16 Table 7 The Exceedance probability of four selected scenarios with 100% take-up Gross Loss Layer EXCEEDING PROB. ($Mill.) S3 S7 S9 S % % % % % % % % % % % % 1, % % % % 2, % % % % 3, % % % % 4, % % % % 5, % % % % 10, % % % 8.340% 15, % % 8.099% 3.339% 20, % 6.561% 4.702% 1.567% 30, % 2.530% 1.953% 0.462% 40, % 1.157% 0.965% 0.173% 50, % 0.593% 0.533% 0.076% 60, % 0.330% 0.318% 0.037% AAL ($Mill.) 12,312 7,662 6,012 4,320 PML (1%) ($Mill.) 68,554 42,065 39,447 23,382 Table 8. The Exceedance probability of four selected scenarios with 50% take-up Gross Loss Layer EXCEEDING PROB. ($Mill.) S3 S7 S9 S % % % % % % % % % % % % 1, % % % % 2, % % % % 3, % % % % 4, % % % % 5, % % % % 10, % 6.561% 4.702% 8.340% 15, % 2.530% 1.953% 3.339% 20, % 1.157% 0.965% 1.567% 30, % 0.330% 0.318% 0.462% 40, % 0.121% 0.133% 0.173% 50, % 0.052% 0.064% 0.076% 60, % 0.025% 0.034% 0.037% AAL ($Mill.) 6,156 3,831 3,006 4,320 PML (1%) ($Mill.) 34,277 21,033 19,723 23,382 16

17 Table 9. The Exceedance probability of four selected scenarios with 25% take-up Gross Loss Layer EXCEEDING PROB. ($Mill.) S3 S7 S9 S % % % % % % % % % % % % 1, % % % % 2, % % % % 3, % % % % 4, % % 7.210% % 5, % 6.561% 4.702% % 10, % 1.157% 0.965% 4.436% 15, % 0.330% 0.318% 1.567% 20, % 0.121% 0.133% 0.671% 30, % 0.025% 0.034% 0.173% 40, % 0.007% 0.012% 0.059% 50, % 0.003% 0.005% 0.024% 60, % 0.001% 0.002% 0.011% AAL ($Mill.) 3,078 1,916 1,503 3,240 PML (1%) ($Mill.) 17,139 10,516 9,862 17,537 Table 10. The Exceedance probability of four selected scenarios with 10% take-up Gross Loss Layer EXCEEDING PROB. ($Mill.) S3 S7 S9 S % % % % % % % % % % % % 1, % % % % 2, % 6.561% 4.702% % 3, % 2.530% 1.953% % 4, % 1.157% 0.965% % 5, % 0.593% 0.533% 8.340% 10, % 0.052% 0.064% 1.567% 15, % 0.010% 0.015% 0.462% 20, % 0.003% 0.005% 0.173% 30, % 0.000% 0.001% 0.037% 40, % 0.000% 0.000% 0.011% 50, % 0.000% 0.000% 0.004% 60, % 0.000% 0.000% 0.002% AAL ($Mill.) 1, ,160 PML (1%) ($Mill.) 6,855 4,207 3,945 11,691 17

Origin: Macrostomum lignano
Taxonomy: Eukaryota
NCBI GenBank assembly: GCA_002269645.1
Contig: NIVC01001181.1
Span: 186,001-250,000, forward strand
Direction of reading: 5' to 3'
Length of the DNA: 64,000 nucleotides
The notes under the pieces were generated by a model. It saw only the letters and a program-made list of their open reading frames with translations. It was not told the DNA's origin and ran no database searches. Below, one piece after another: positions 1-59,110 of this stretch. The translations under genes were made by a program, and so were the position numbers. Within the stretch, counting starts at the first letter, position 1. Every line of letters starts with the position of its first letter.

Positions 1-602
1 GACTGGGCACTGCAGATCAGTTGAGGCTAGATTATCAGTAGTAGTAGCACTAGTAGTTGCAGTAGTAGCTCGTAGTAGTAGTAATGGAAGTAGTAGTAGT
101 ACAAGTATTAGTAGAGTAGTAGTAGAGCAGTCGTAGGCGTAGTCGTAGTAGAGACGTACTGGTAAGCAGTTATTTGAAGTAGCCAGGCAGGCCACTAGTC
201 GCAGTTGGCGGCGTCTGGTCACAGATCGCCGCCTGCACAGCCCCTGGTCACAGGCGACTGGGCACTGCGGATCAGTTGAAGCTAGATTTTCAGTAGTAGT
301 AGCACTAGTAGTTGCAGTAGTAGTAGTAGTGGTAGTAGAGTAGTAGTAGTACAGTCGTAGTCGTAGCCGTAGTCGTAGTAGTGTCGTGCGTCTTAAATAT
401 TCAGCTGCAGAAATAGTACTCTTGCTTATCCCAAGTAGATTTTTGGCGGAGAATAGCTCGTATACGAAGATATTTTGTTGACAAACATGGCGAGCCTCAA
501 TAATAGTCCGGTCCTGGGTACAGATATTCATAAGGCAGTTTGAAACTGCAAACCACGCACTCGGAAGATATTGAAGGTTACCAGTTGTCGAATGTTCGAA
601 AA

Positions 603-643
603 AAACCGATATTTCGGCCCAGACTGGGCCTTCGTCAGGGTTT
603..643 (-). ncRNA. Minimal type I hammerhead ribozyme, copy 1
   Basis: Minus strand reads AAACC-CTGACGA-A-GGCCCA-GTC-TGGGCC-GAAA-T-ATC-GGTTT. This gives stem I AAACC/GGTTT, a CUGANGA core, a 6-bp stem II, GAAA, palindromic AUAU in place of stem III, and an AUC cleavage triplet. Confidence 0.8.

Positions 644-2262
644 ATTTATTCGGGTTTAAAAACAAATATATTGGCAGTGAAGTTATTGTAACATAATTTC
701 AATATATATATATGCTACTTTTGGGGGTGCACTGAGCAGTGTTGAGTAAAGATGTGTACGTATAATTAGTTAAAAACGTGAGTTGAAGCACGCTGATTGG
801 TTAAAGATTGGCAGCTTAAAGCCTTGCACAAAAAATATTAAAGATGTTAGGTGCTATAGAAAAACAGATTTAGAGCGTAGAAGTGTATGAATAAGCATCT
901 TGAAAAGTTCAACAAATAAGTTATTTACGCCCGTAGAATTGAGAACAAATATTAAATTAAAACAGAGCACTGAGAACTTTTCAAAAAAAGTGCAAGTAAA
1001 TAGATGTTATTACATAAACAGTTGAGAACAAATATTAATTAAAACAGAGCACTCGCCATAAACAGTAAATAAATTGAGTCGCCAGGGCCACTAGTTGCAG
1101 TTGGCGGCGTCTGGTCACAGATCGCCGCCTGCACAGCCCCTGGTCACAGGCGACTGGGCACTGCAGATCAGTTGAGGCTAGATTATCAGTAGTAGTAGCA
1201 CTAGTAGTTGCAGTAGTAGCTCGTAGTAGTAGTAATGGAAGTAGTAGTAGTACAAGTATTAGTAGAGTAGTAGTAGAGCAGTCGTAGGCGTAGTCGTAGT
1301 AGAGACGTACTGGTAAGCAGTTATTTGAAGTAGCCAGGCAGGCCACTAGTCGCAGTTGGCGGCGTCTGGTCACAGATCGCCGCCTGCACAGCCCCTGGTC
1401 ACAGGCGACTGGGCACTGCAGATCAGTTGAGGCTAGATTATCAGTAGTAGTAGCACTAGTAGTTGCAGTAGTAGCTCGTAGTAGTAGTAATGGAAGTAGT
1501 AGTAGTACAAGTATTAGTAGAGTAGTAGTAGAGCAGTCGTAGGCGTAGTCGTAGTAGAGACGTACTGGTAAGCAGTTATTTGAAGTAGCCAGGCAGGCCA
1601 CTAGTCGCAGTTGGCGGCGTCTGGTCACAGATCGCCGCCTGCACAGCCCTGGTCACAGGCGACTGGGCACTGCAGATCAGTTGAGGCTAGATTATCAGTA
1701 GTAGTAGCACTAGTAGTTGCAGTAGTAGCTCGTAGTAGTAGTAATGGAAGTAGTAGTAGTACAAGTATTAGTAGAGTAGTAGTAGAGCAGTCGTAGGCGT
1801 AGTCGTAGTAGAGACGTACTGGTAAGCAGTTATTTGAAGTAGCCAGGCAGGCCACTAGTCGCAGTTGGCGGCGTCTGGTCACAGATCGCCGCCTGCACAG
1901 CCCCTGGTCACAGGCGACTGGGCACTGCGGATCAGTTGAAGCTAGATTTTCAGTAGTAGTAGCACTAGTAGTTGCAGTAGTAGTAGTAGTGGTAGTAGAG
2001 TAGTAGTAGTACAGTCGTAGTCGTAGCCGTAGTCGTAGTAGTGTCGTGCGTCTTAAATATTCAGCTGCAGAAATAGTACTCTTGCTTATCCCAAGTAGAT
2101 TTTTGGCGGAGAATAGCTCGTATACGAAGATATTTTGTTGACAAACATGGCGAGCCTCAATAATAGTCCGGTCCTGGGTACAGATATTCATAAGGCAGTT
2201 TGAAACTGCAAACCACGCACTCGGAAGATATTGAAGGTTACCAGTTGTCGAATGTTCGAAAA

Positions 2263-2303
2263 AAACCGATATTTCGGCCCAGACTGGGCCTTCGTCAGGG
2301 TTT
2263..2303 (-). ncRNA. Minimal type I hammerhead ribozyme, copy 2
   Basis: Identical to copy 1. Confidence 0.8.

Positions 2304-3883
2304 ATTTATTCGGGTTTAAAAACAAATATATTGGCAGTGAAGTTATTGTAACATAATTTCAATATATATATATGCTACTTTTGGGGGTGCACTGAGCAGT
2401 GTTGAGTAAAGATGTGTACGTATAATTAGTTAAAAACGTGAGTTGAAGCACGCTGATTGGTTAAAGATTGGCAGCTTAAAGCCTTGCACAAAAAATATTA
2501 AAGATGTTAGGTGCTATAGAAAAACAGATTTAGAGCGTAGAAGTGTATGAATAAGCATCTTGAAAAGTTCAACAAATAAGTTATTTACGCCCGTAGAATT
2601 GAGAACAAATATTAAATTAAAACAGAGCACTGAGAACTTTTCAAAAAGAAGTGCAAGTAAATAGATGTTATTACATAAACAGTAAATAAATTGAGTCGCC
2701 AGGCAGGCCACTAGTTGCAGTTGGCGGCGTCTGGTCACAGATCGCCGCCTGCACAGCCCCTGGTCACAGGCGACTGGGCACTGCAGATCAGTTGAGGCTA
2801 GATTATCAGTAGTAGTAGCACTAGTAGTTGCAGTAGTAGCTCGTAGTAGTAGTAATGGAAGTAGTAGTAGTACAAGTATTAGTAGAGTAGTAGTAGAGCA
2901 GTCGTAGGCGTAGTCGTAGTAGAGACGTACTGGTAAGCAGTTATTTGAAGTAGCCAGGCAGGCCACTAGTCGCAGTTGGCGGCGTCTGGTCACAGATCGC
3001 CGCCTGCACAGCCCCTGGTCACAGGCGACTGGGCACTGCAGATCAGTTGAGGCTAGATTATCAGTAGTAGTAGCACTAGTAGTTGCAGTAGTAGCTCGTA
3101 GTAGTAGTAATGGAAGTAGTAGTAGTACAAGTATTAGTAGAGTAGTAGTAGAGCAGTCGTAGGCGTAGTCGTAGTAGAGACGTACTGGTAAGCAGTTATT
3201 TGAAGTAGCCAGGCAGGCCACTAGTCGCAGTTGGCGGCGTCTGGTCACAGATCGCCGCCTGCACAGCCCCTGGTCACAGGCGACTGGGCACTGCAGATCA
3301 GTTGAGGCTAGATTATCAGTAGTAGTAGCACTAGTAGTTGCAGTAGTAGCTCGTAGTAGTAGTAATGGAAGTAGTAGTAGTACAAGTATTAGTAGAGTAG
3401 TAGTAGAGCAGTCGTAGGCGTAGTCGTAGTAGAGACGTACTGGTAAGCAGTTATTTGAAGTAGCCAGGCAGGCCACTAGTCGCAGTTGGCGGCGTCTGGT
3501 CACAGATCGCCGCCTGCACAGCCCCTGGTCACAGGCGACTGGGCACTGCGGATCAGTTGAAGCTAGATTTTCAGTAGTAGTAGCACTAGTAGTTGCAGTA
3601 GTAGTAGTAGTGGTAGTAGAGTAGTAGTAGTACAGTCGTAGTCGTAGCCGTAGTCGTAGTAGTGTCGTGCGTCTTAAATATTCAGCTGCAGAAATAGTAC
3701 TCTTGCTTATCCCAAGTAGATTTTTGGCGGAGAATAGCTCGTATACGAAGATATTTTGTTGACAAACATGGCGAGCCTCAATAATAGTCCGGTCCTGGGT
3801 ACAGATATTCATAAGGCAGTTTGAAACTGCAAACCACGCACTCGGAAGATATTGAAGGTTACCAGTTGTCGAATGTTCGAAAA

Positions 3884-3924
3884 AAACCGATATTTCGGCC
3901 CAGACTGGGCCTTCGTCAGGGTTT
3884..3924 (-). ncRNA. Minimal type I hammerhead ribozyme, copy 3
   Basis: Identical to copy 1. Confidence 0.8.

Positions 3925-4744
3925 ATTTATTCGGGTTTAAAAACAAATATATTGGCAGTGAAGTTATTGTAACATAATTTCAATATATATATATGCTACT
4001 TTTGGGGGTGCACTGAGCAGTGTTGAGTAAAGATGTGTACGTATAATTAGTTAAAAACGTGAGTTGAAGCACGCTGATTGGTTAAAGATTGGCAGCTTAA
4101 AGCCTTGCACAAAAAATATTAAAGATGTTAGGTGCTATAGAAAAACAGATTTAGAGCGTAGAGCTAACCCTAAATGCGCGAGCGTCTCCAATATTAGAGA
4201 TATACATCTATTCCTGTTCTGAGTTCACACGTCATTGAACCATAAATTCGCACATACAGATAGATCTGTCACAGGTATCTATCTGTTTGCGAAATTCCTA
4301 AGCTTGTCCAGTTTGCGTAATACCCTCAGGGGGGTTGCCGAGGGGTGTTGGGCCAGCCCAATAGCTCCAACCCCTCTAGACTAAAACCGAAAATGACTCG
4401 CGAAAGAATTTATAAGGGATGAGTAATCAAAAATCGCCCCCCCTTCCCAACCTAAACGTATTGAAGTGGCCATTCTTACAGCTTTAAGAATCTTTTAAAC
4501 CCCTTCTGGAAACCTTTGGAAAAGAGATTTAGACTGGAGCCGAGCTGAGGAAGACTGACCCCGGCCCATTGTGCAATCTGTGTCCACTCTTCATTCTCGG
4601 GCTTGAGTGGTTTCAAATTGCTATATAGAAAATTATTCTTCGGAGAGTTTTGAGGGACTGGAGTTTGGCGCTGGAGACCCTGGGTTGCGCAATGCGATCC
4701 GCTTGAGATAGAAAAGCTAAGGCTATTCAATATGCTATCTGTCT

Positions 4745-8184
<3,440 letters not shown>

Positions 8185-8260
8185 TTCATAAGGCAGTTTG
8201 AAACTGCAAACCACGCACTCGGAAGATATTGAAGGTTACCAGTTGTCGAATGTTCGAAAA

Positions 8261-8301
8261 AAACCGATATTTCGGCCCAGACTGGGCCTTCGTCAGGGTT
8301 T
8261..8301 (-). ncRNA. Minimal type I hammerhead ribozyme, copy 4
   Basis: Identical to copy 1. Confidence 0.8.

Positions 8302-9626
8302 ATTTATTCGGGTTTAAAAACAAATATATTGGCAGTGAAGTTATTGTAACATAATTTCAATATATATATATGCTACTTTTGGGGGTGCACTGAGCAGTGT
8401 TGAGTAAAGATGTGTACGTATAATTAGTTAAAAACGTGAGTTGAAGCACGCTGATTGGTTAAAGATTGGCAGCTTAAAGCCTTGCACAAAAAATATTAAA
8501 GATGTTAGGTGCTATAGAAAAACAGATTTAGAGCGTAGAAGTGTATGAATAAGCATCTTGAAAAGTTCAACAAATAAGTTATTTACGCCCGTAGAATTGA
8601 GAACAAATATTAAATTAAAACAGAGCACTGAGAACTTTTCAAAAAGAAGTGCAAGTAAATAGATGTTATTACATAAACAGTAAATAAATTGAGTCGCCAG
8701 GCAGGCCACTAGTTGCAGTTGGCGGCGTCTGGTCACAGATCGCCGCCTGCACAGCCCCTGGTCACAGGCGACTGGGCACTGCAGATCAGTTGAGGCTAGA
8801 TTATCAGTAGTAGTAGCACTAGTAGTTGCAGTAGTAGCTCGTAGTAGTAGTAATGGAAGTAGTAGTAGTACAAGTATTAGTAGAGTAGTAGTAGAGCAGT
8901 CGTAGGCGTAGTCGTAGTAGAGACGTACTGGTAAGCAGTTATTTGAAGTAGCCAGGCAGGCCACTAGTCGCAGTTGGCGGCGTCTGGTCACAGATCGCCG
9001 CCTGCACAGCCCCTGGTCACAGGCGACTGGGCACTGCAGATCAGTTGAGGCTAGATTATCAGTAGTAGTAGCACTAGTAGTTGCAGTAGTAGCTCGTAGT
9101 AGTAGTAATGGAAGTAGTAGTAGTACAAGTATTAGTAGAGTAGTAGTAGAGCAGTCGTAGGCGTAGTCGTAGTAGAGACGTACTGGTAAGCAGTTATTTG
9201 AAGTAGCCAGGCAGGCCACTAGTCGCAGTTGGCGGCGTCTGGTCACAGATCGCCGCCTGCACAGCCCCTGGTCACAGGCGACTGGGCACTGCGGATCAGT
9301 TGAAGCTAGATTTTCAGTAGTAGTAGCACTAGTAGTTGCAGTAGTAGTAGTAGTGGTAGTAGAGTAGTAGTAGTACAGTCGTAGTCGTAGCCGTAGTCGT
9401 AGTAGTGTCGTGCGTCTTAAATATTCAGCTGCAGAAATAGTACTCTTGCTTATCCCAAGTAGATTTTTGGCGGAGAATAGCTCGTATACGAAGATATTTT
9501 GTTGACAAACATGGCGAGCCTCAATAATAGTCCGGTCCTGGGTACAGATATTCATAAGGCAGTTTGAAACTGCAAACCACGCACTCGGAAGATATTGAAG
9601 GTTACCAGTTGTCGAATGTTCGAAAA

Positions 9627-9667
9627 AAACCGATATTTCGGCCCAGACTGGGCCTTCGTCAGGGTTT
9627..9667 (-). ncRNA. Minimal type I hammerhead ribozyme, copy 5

18 Table 11. The funding requirement to pay for losses of four selected scenarios Unit: NT$ billion S3 S7 S9 S11 Mandatory Semi-mandatory Voluntary 1.5 Table 12. Premiums under four selected scenarios with alternative participation (take-up) rates Scenario S3 S7 S9 S11 Take-Up Rate 25% 50% 100% 25% 50% 100% 25% 50% 100% 10% 50% 100% Content Cover (3.3 Mill. First Floor Households) (0.37 Mill. First Floor Households) Estimated Policy# 825,000 1,650,000 3,300, ,000 1,650,000 3,300, ,000 1,650,000 3,300,000 37, , ,000 AAL (NT$ Mill.) 2,738 5,475 10,950 1,575 3,150 6,300 1,163 2,325 4,650 2,160 4,320 4,320 Pure Premium w/o bottom GOV Cover $3,318 $3,318 $3,318 $1,909 $1,909 $1,909 $1,409 $1,409 $1,409 $58,378 $23,351 $11,676 Living Expense & Electrical & Mechanical Equipment Loss Cover-Limit of NT$ 20,000 (4.3 Mill. 2nd Floor above Households ) (0.75 Mill. Households) Estimated Policy# 1,075,000 2,150,000 4,300,000 1,075,000 2,150,000 4,300,000 1,075,000 2,150,000 4,300,000 75, , ,000 AAL (NT$ Mill.) , , , ,210 1,210 Additional Premium to Include Living expense & Electrical & Mechanical Equipment Loss Cover w/ Limit of NT$20,000 $301 $301 $301 $301 $301 $301 $301 $301 $301 $8,067 $3,227 $1,613 Additional Premium to Include Constructed Total Loss Cover of NT$120 Mill. Constructed Total Loss Cover-NT$120 Mill. (7.6 Mill. Households) (1.12 Mill. Households) Estimated Policy# 1,900,000 3,800,000 7,600,000 1,900,000 3,800,000 7,600,000 1,900,000 3,800,000 7,600, , ,000 1,120,000 AAL (NT$ Mill.) $31 $31 $31 $31 $31 $31 $31 $31 $31 $104 $104 $104 Premium w/o Bottom GOV Cover Pure Premium w/o bottom GOV Cover - First-Floor Household $3,349 $3,349 $3,349 $1,940 $1,940 $1,940 $1,440 $1,440 $1,440 $58,483 $23,456 $11,780 Premium w/ additional cost (15%) $3,940 $3,940 $3,940 $2,282 $2,282 $2,282 $1,694 $1,694 $1,694 $68,803 $27,595 $13,859 Pure Premium w/o bottom GOV Cover - Other Household $332 $332 $332 $332 $332 $332 $332 $332 $332 $8,171 $3,331 $1,718 Premium w/ additional cost (15%) $391 $391 $391 $391 $391 $391 $391 $391 $391 $9,613 $3,919 $2,021 Premium w/ Bottom 1 Billion GOV Cover AAL ratio of Bottom 1 bn Layer 30.26% 16.25% 8.49% 44.31% 25.33% 13.35% 48.84% 29.94% 16.65% 40.01% 22.27% 22.27% Pure Premium w/ bottom GOV Cover of 1 billion - First-Floor Household $2,336 $2,805 $3,065 $1,080 $1,449 $1,681 $737 $1,009 $1,200 $35,084 $18,232 $9,157 Premium w/ additional cost (15%) $2,748 $3,300 $3,606 $1,271 $1,704 $1,978 $867 $1,187 $1,412 $41,275 $21,450 $10,773 Pure Premium w/ bottom GOV Cover of NT$1 billion - Other Household $232 $278 $304 $185 $248 $288 $170 $233 $277 $4,902 $2,589 $1,335 Premium w/ additional cost (15%) $273 $327 $358 $218 $292 $339 $200 $274 $326 $5,767 $3,046 $1,571 Premium w/ Bottom 1.5 Billion GOV Cover AAL ratio of Bottom 1.5 bn Layer 41.85% 23.70% 12.65% 58.19% 35.84% 19.68% 62.04% 40.91% 23.97% 53.08% 31.79% 31.79% Pure Premium w/ bottom GOV Cover of 1.5 billion of First-Floor Household $1,947 $2,555 $2,925 $811 $1,245 $1,558 $547 $851 $1,095 $27,440 $15,999 $8,035 Premium w/ additional cost (15%) $2,291 $3,006 $3,442 $954 $1,464 $1,833 $643 $1,001 $1,288 $32,283 $18,823 $9,453 Pure Premium w/ bottom GOV Cover of NT$1.5 billion - Other Household $193 $253 $290 $139 $213 $267 $126 $196 $253 $3,834 $2,272 $1,172 Premium w/ additional cost (15%) $227 $298 $341 $163 $251 $314 $148 $231 $297 $4,510 $2,673 $1,378 Premium w/ Bottom 2 Billion GOV Cover AAL ratio of Bottom 2 bn Layer 50.87% 30.41% 16.69% 67.07% 44.36% 25.53% 69.51% 48.94% 30.28% 62.70% 40.01% 40.01% Pure Premium w/ bottom GOV Cover of 2 billion of First-Floor Household $1,645 $2,331 $2,790 $639 $1,079 $1,445 $439 $735 $1,004 $21,814 $14,071 $7,067 Premium w/ additional cost (15%) $1,936 $2,742 $3,282 $751 $1,270 $1,699 $516 $865 $1,181 $25,664 $16,554 $8,314 Pure Premium w/ bottom GOV Cover of NT$2 billion - Other Household $163 $231 $277 $109 $185 $247 $101 $170 $232 $3,048 $1,998 $1,031 Premium w/ additional cost (15%) $192 $272 $326 $129 $217 $291 $119 $200 $272 $3,586 $2,351 $1,212 Premium w/ Bottom 3 Billion GOV Cover AAL ratio of Bottom 3 bn Layer 64.23% 41.91% 24.31% 79.02% 57.69% 35.97% 79.97% 61.24% 40.99% 75.40% 53.08% 53.08% Pure Premium w/ bottom GOV Cover of 3 billion of First-Floor Household $1,198 $1,945 $2,535 $407 $821 $1,242 $288 $558 $850 $14,387 $11,005 $5,527 Premium w/ additional cost (15%) $1,409 $2,289 $2,982 $479 $966 $1,461 $339 $657 $1,000 $16,926 $12,948 $6,503 Pure Premium w/ bottom GOV Cover of NT$3 billion - Other Household $119 $193 $251 $70 $141 $213 $67 $129 $196 $2,010 $1,563 $806 Premium w/ additional cost (15%) $140 $227 $296 $82 $165 $250 $78 $151 $231 $2,365 $1,839 $948 18